Those of us on the left know that what Sanders calls a "revolution" is only the first step in the transformation necessary to produce a just society. Some of us labor under the delusion that if we are patient, some day Americans will rise up and overthrow the system that oppresses us. Even more unreasonably, some think this can somehow be done without dirtying our hands in electoral politics. Others argue that it can only be done by building a third party to challenge the corporate Duopoly. While creating an alternative to the Duopoly will play a role in the ultimate transformation of American politics, it will take many years to realize. We simply do not have the luxury of time. The reality is that global climate change sets an upper limit on how long we have to act. Until we begin electing candidates who will stand up to the Wall Street-dominated fossil fuels industry, we are living with a sword hanging over our heads. When "liberal" Americans seem prepared to select the darling of Wall Street to represent them in the presidential election, there is too much groundwork to be done to create a viable third party before it is too late.
Clinton's success despite her high unfavorability ratings shows how far we have to go to educate the public about the need for revolution and what that will entail. We must begin with the system as it is, meet the people where they are at, and hope that by speaking to them in their language, we can lead them to question the assumptions that keep them captive of a system designed to favor the interests of the powerful. That means elections matter, even if one victory does not in itself constitute a "revolution." They provide platforms from which to educate and organize those who have not given up altogether on rescuing the US and the world from the dire circumstances we have allowed it to fall into. Sanders has shown how this can be done without depending on the very interests who control the system to get this opportunity.
The question remains as to whether the Sanders candidacy will advance the cause of a real revolution, or impede it. If his supporters simply cave in and support Clinton, they will show that they are unwilling to challenge the practice of fear-based "strategic" voting promoted by the Democratic leadership. The grip on power of the party elite depends on successfully convincing us that voting for corporate Democrats is the only alternative to Republican rule. It is not. If their jobs depended on it, these power brokers would have to give us candidates who actually represent the People's will. If the majority of Democrats continue to accept the lesser of two evils logic, they have no reason to expect that the party's steady drift to the right will ever end. If they refuse to vote for the anointed candidate of the limousine liberals, we have a chance to force change.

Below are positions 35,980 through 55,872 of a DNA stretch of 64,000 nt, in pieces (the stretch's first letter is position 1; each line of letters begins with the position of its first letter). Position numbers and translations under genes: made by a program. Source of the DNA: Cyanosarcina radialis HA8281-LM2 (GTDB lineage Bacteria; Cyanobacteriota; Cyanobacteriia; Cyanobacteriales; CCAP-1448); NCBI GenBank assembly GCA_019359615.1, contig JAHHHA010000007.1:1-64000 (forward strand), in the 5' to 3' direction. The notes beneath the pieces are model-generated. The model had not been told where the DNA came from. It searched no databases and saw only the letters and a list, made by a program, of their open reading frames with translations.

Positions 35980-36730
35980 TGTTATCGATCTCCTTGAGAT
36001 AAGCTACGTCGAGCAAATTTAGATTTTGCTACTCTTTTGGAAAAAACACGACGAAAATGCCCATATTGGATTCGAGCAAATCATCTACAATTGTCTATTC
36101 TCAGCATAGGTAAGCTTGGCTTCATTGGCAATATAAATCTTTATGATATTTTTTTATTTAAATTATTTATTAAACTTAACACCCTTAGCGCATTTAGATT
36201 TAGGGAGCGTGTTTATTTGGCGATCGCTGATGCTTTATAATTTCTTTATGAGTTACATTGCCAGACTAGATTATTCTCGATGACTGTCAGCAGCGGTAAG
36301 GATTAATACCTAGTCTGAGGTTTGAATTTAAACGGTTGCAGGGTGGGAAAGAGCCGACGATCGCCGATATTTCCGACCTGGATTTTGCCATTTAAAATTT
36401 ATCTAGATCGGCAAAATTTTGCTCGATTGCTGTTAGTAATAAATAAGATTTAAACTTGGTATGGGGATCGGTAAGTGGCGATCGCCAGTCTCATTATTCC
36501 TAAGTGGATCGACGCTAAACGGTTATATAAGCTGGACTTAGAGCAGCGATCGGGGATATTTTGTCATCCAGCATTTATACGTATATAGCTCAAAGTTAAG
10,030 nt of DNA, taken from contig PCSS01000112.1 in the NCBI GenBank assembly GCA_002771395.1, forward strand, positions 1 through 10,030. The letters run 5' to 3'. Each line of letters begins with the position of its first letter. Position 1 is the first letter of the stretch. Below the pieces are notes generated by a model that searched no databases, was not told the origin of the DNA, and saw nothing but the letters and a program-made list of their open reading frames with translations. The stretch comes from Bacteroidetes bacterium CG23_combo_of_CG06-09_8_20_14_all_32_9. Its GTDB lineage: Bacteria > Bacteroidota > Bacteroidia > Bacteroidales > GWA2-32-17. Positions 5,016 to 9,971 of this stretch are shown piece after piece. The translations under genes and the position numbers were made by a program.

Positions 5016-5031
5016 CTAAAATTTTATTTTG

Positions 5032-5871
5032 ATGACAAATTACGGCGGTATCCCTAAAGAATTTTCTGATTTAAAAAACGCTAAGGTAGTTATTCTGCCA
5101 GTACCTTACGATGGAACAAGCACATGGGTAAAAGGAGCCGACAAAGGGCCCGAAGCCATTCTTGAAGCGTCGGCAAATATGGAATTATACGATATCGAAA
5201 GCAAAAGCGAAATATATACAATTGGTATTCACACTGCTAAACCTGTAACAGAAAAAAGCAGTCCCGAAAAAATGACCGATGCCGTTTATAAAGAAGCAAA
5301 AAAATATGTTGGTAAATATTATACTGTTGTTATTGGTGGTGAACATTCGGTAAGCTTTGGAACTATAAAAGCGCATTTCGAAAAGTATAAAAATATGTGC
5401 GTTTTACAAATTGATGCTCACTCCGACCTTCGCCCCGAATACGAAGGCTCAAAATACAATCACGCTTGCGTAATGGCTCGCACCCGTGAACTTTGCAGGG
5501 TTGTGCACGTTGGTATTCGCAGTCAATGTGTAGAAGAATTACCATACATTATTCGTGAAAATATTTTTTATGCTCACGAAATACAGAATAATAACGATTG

A lot of people have been saying since the beginning of the Democratic primary campaign that Sanders would end up doing more harm than good to the cause of fundamentally changing the system of American politics. Assuming that he would lose in the end, they pointed out that his ultimate endorsement of Clinton would serve simply to shore up a party that can no longer generate excitement among even its most faithful members because its chosen candidates are unwilling to challenge the moneyed interests that he is targeting. The naysayer's argument was that, like past insurgent candidates for the Democratic nomination, he would serve as a sheepherder for the Duopoly party claiming to represent "the People" by encouraging his disappointed supporters to rally round the choice of the Establishment. While this is a distinct possibility, those committed to a real revolution need to understand that we cannot succeed without learning to recognize and capitalize on every opportunity.
Ralph Nader recently argued that if Sanders were to lose at convention, he could still keep his word to endorse Clinton, while challenging her corporate vision. There is nothing to stop him from continuing his assault on neoliberalism and corruption that is the root cause of America's malaise. While justifying his ongoing efforts as a way to rally his troops to defeat Trump, he can continue to barnstorm in favor of the Democrats. The key is that rather than promoting the failed policies of Clintonism, he can argue for those Democratic values that people want to believe the party represents. This will prepare us for continuing to fight for them if Clinton is elected, rather than abandoning the fight as Obama supporters did after 2008, with predictable results.
A true political revolution must be based on addressing the corruption upon which the current system is built. Sanders has gotten the ball rolling, focusing our attention on the fact that the entire progressive movement depends on dealing with this problem. With our encouragement, he can keep the movement going forward. Even without his cooperation, we can proceed on our own. He has provided us a glimpse of our collective power. We have to use it, organizing around the issue of corruption and highlighting how the consequences play out in a Clinton presidency, as they no doubt will if her policies are consistent with her atrocious record of neoliberalism, neoconservatism and generally favoring the interests of Wall Street over Main Street.
This article was originally published on the website of Soldiers For Peace International. It may be reproduced, unedited and with attribution, 48 hours after it appears here.
(Article changed on May 14, 2016 at 17:17)